ZROZ – Moving from Sale to Hold After Decline (NYSEARCA:ZROZ)

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At the beginning of April, we wrote an article in which we explained why we were short on the ETF 25+ Year Zero Coupon US Treasury Index ETF (NYSEARCA:ZROZ). In our article, we wrote the following:

We feel the push higher in 30-year rates are not over and we will at least revisit 2018 yield levels. reflected in an additional drop in pure prices of -6%. If you’re a long-running retailer of that name, you’re much better off selling here given that you’re only looking at price drops this year. We will come back once most of the aggressive Fed hikes are over in the fall.

ZROZ is down more than 8% since our article on the back of higher rates. With a very authoritarian Fed convincing the market to aggressively reprice the yield curve upwards, we believe most of the rate move is now behind us. ETF performance is driven by 30-year yields, and we believe most of the movement for this point on the yield curve has already been made. While there may still be room for slippage of up to 3.5%, the aggressive 200 basis point rally seen earlier in the year will not be repeated. So we go from Sale at Hold on ZROZ and pending rate stabilization later in the summer to give the fund a buy signal.

Performance and interest rates

The ETF is down more than 8% since our Sale Evaluation:


Performance (Looking for Alpha)

The fund is down more than 25% based on prices in 2022, representing one of the largest annual declines ever for the ETF:

come back

Cumulative performance since the beginning of the year (Looking for Alpha)

ZROZ’s move was driven entirely by higher rates this year. 30-year yields are approaching their 2018 highs at 3.43%:


Rates over 30 years (The Fed)

Earlier in the decade, long-term rates peaked at 3.93%. We believe that we will review the levels of 2018 but not those of 2013. Ultimately, the trend in rates is driven by the Fed and its tightening of financial conditions in order to contain inflation. We believe the market has already done this, and as Goldman Sachs illustrates, financial conditions are on track to reach constrained levels:


Financial conditions (Goldman Sachs)

With stagnating leading indicators and escalating recessionary talk for 2023, the Fed doesn’t have much wiggle room. In our view, the rate hike is closer to completion than the market is anticipating. The Fed wanted mortgage rates to rise to cool the housing market, and they did. Once they begin to unwind MBS balance sheet holdings, mortgage rates will continue to be constrained.

While corporate balance sheets are healthy and the need to place long-term debt at these higher levels will be moderate over the next few years, rising long-term rates will weigh on new capital projects and investments. It will take a few months for the higher rates to trickle down to the real economy, but in our view, any overshoot of 4% will have a significant impact on the economy.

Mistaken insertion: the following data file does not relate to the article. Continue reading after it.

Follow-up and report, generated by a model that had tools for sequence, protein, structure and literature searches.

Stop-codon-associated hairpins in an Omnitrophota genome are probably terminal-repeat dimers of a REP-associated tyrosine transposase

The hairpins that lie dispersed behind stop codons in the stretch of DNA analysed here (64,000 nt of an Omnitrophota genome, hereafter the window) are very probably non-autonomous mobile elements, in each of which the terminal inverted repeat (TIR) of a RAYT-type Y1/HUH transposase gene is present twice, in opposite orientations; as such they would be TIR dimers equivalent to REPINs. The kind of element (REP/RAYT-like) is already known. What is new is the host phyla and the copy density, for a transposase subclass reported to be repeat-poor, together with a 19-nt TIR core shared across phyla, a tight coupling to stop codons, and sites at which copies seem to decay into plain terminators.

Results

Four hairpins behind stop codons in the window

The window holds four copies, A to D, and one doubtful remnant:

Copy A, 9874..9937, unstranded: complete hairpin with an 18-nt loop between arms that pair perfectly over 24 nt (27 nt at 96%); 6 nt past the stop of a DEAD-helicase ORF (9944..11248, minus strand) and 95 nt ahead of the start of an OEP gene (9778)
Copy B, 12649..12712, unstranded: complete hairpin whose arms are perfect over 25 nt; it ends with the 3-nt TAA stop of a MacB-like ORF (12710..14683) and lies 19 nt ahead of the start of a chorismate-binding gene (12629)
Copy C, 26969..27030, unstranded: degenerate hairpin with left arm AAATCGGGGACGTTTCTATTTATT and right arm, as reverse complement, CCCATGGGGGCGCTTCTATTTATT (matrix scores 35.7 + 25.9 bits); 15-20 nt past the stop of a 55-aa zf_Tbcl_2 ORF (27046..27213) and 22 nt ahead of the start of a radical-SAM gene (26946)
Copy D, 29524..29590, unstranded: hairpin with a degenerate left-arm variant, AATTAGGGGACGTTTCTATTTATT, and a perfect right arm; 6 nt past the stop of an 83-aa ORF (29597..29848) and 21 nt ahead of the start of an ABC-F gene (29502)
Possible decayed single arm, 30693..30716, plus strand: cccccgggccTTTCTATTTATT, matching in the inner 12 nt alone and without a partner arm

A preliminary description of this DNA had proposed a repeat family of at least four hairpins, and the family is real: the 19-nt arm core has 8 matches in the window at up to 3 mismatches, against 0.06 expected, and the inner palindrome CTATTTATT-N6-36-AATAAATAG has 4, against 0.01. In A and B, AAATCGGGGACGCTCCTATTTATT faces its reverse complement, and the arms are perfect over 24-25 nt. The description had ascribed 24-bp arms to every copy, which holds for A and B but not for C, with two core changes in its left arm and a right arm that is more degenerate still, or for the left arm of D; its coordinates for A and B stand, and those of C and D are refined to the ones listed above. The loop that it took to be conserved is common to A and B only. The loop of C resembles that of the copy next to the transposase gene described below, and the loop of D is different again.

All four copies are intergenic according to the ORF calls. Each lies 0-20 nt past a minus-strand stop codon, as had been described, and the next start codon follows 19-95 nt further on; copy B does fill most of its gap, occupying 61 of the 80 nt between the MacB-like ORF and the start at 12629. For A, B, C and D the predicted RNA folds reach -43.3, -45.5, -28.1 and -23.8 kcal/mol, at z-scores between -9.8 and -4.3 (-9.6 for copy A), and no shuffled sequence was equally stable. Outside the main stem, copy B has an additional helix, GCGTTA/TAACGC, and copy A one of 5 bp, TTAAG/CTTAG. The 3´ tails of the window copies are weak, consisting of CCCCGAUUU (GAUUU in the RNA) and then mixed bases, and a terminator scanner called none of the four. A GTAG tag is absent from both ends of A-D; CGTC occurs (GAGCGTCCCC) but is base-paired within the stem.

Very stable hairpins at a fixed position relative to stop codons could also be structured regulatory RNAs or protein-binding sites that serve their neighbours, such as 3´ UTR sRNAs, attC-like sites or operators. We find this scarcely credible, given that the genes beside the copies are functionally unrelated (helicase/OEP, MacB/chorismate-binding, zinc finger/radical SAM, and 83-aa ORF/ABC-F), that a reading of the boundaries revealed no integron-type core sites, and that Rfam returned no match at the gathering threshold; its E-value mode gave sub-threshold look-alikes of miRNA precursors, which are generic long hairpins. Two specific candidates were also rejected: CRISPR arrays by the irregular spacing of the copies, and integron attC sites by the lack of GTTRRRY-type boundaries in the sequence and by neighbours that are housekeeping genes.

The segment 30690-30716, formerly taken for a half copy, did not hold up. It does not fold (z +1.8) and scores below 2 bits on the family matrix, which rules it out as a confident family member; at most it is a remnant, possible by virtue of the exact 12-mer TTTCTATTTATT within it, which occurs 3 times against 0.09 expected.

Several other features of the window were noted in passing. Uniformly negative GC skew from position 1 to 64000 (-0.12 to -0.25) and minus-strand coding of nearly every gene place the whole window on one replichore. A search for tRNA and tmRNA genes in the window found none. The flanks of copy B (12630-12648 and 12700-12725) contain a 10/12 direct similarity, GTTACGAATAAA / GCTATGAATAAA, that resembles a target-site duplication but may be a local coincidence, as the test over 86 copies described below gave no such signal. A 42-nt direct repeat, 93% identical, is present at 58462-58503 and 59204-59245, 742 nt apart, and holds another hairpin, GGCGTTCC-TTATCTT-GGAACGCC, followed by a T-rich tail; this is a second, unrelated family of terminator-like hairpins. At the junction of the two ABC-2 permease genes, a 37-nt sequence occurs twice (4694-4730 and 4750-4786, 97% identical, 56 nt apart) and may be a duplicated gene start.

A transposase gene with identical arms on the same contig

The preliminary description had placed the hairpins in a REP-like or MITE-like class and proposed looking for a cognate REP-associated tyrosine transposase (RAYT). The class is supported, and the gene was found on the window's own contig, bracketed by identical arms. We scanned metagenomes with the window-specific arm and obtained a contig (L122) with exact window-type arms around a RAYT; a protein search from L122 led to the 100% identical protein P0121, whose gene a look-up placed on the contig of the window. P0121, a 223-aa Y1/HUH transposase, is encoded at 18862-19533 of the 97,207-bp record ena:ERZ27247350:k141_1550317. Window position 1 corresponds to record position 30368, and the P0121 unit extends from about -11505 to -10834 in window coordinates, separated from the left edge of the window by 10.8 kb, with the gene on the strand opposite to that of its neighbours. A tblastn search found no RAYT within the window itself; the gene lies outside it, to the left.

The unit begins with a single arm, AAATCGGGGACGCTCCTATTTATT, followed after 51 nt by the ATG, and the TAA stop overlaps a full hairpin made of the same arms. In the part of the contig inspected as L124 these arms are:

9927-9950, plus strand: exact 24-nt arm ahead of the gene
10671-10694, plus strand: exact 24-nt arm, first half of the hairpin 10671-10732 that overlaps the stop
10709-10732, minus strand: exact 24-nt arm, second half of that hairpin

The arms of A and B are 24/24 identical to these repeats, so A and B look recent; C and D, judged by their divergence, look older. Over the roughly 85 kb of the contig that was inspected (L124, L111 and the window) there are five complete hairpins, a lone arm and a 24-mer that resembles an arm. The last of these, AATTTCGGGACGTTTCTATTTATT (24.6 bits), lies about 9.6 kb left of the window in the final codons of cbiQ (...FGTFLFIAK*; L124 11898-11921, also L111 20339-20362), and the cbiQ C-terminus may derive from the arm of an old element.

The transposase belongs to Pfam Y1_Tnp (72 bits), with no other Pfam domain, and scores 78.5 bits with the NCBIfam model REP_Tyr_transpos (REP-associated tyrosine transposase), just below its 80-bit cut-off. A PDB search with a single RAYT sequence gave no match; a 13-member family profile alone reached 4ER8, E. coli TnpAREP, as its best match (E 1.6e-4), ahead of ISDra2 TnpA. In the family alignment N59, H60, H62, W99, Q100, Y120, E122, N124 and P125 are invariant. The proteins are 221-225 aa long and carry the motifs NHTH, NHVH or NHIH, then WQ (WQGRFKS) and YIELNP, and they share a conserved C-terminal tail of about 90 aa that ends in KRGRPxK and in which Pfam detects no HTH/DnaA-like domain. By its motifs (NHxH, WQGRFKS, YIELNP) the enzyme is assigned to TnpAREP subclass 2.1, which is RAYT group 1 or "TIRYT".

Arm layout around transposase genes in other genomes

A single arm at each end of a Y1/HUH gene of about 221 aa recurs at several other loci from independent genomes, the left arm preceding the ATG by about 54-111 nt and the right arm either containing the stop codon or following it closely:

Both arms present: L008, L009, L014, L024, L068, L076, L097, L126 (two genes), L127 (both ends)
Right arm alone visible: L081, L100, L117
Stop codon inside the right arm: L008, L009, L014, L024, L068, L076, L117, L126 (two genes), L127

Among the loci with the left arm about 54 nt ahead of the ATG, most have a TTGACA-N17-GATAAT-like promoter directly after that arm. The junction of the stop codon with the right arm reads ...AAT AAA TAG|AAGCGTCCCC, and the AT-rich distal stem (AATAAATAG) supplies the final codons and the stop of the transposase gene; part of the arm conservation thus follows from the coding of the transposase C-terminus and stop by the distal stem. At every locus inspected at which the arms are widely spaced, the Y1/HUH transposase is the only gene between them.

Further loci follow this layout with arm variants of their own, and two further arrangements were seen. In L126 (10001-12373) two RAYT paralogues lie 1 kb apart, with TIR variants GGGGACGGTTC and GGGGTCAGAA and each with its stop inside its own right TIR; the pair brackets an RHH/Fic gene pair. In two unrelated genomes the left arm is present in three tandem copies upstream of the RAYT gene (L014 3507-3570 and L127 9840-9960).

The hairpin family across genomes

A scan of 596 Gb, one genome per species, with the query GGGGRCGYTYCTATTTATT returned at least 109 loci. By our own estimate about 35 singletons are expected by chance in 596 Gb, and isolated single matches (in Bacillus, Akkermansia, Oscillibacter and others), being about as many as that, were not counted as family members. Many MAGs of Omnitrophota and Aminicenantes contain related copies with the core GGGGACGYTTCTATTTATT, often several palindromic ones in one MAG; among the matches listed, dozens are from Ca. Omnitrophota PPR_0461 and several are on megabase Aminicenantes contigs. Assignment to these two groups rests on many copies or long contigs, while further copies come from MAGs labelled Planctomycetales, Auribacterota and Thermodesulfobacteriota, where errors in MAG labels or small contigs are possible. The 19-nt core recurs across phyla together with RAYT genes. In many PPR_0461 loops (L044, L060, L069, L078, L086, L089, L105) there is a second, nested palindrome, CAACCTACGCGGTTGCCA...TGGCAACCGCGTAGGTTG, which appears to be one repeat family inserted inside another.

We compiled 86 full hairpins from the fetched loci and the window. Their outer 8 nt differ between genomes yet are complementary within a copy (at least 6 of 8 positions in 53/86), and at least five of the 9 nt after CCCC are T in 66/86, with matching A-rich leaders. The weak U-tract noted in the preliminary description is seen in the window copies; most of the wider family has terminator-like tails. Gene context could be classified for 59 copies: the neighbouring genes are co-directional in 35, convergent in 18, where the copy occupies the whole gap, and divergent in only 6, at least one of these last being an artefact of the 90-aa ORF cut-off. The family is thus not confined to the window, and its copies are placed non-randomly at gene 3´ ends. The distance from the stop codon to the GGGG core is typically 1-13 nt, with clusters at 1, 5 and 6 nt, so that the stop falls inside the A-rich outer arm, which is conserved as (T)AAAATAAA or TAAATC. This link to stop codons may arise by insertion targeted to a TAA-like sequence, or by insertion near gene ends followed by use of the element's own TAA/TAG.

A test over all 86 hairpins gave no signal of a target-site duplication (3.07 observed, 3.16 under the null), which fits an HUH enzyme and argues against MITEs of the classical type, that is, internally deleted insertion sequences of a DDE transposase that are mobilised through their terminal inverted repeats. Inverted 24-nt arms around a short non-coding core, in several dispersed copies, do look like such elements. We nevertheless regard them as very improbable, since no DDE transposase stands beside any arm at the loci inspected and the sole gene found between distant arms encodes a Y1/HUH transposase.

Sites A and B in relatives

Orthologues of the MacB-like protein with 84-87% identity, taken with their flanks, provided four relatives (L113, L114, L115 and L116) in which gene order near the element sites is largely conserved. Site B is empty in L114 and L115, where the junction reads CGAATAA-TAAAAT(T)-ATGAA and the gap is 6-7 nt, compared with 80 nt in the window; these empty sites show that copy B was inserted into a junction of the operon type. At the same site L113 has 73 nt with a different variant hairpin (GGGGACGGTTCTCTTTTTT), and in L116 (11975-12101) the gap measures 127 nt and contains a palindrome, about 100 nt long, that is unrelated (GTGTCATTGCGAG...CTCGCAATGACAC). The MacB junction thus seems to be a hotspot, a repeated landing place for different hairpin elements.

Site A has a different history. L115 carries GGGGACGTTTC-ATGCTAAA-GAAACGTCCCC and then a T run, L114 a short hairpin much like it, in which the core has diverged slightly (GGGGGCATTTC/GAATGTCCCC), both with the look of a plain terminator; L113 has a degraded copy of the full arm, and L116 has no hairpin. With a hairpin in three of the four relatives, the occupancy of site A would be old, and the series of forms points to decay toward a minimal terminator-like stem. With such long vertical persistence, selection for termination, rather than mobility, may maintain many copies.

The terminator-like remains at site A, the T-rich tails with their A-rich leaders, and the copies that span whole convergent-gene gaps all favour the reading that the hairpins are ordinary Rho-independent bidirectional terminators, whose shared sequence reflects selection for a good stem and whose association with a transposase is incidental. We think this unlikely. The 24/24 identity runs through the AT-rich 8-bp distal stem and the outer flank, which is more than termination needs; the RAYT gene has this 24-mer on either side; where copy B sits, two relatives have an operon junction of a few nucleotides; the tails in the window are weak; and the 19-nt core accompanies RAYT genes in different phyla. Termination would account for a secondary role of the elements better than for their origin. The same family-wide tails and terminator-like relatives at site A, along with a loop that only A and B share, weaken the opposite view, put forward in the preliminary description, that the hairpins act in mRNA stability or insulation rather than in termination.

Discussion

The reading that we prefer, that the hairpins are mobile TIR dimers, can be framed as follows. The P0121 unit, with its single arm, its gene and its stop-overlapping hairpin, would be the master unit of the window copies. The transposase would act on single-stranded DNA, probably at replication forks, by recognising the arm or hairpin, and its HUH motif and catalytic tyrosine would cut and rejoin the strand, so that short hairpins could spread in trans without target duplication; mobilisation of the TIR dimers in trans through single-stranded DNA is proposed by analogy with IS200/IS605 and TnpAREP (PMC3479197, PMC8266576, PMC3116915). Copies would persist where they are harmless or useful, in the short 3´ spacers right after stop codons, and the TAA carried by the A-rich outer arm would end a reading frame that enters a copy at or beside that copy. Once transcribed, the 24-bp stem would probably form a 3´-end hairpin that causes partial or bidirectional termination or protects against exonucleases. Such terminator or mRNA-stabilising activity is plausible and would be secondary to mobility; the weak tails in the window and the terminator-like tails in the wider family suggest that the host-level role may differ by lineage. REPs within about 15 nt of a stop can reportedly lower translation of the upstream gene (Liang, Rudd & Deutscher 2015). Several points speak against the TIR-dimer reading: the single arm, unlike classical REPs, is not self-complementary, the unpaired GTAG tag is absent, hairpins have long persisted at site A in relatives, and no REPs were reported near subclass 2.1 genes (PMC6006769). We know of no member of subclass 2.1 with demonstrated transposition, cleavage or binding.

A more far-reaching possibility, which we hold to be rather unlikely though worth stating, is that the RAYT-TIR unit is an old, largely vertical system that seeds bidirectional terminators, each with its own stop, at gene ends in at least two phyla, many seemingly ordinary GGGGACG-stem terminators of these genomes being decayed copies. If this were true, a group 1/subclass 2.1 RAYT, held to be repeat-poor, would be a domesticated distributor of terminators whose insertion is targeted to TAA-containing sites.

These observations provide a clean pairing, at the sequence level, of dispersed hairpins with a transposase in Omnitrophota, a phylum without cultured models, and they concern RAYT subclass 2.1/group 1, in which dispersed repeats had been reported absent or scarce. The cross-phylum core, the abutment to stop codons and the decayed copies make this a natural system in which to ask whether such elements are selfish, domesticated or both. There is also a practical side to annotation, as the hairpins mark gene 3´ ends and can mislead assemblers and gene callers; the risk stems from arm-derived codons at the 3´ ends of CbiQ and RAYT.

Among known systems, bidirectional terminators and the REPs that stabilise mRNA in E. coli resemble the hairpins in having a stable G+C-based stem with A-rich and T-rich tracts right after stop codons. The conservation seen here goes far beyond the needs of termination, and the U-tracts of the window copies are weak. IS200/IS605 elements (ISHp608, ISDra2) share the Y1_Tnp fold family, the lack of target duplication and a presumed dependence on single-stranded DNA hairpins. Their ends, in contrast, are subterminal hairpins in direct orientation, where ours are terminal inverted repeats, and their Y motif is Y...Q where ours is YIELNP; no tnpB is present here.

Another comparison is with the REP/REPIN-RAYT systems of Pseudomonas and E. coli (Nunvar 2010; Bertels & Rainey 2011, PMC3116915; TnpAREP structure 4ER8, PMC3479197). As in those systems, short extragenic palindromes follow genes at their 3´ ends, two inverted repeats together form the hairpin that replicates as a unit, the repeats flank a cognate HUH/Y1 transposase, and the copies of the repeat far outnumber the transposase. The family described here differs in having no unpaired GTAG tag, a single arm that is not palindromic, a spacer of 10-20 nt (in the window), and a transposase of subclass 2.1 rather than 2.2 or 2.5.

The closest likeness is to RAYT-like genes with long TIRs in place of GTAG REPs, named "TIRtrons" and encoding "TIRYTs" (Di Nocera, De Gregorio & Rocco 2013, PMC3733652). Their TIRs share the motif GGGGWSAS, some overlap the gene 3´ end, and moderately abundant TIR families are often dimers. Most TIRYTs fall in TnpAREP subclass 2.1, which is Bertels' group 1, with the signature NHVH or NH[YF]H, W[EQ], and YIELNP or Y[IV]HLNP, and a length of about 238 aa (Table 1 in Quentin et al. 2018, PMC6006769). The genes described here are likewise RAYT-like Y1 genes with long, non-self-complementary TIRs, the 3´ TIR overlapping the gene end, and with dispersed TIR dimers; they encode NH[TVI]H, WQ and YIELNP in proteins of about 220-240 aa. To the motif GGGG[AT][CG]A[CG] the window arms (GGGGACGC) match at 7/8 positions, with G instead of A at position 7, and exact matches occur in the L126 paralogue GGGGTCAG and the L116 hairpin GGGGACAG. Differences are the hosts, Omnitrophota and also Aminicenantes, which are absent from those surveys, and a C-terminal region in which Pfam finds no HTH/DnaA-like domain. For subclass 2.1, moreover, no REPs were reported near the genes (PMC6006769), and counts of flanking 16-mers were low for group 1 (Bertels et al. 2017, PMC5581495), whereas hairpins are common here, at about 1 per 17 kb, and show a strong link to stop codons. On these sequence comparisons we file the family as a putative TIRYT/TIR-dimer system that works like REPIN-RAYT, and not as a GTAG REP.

More market analysts now believe that the bulk of the rate hike is now behind us:


Rates (Black rock)

With BlackRock and Morgan Stanley in the camp of an implied rate normalization by current market levels, investors should start thinking about reducing short positions in Treasuries.


The fund is comprised solely of stripped US Treasuries:


Assets (Annual Report)

STRIPS is an acronym for Separate Trading of Registered Interest and Principal of Securities, and it basically refers to the fact that the underlying financial instruments have only one payout. We can see that ZROZ holds long-term main strips. Historically, investors looking at Treasury securities have decided that only certain aspects meet some of their needs (i.e. only the interest component or only the principal component) and have decided to strip the Treasury security of origin into underlying cash flows with their own identifiers. Basically, STRIPS allow investors to hold and trade the individual interests and principal components of eligible treasury bills and bonds as separate securities. For example, a 10-year treasury bill consists of a single payment of principal, due at maturity, and 20 interest payments, one every six months over 10 years. When this note is converted to STRIPS format, each of the 20 interest payments and the principal payment become a separate security.

Regardless of the coupon/principal characteristic, STRIPS are always Treasury bills and therefore benefit from the full guarantee of the US government. There is no credit risk in this fund. An investor buying into this name only has to worry about the market risk arising from the fund’s high duration.


There has been no place to hide in long-duration fixed income products in 2022. Down more than 25% this year, ZROZ is bottoming out. Its performance was entirely driven by the rise in 30-year rates, which rose by more than 200 basis points this year. Long-term yields are nearing their 2018 highs, and while there could be more slippage given the Fed balance, itand relaxt is due to start on June 1, we believe most of the rate hike is behind us. So we go from Sale at Hold on the ETF.

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